Scorecard allows libraries to evaluate e-book offerings from publishers
February 1, 2013 | 12:20 pm
By Dan Eldridge
I didn’t even realize the Christian Science Monitor had its own literary/books blog. I stumbled upon it yesterday (it’s called Chapter & Verse), and like the rest of the paper, it’s wonderful.
A post that went live two days ago caught my attention; it’s about a so-called “Business Model Scorecard” that was recently released by the American Library Association, and it “asks library staff members to rate e-book offerings from publishers on factors like availability,” according to the article.
From the post:
“The scorecards grade criteria from one to five and include 15 questions. Questions range from the price publishers are charging libraries for e-books to the length of time for which patrons can check them out … The introduction [to the scorecard] also discusses sticking points between libraries and publishers, including what the ALA says are publishers’ fears that readers will check out e-books from libraries instead of buying them.”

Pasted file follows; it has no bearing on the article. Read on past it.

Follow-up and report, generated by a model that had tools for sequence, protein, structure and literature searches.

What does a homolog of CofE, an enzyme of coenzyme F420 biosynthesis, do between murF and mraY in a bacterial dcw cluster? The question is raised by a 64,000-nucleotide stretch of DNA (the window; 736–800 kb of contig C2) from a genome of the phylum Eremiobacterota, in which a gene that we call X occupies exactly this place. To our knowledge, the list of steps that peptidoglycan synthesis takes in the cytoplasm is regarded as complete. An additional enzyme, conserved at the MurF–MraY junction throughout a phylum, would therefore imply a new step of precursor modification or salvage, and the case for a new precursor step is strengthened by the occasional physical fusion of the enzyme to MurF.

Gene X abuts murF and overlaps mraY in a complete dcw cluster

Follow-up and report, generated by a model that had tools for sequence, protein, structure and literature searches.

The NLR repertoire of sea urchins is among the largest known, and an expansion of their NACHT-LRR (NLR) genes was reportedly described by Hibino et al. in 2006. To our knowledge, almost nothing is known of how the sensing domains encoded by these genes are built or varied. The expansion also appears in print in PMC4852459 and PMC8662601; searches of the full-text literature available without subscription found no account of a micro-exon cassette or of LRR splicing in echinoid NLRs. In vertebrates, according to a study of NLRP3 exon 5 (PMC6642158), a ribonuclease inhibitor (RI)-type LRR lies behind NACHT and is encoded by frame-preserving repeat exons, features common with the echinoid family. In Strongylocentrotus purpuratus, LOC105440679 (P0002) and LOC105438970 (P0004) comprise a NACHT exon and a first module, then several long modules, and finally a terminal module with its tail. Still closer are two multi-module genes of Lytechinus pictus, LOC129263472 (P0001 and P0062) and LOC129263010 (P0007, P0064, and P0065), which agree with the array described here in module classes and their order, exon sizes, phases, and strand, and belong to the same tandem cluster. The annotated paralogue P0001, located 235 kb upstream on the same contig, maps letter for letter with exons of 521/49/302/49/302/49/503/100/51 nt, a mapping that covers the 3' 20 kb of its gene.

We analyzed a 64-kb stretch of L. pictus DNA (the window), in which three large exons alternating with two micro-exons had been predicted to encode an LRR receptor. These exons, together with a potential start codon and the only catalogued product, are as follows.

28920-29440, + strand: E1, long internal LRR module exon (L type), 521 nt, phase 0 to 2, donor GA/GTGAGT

Publishers Weekly wrote about the scorecard earlier this week; that article included a link to a downloadable PDF version of the eight-page scorecard itself. [Click here to access the PDF.] The scorecard was compiled by the ALA’s Digital Content & Libraries Working Group (DCWG).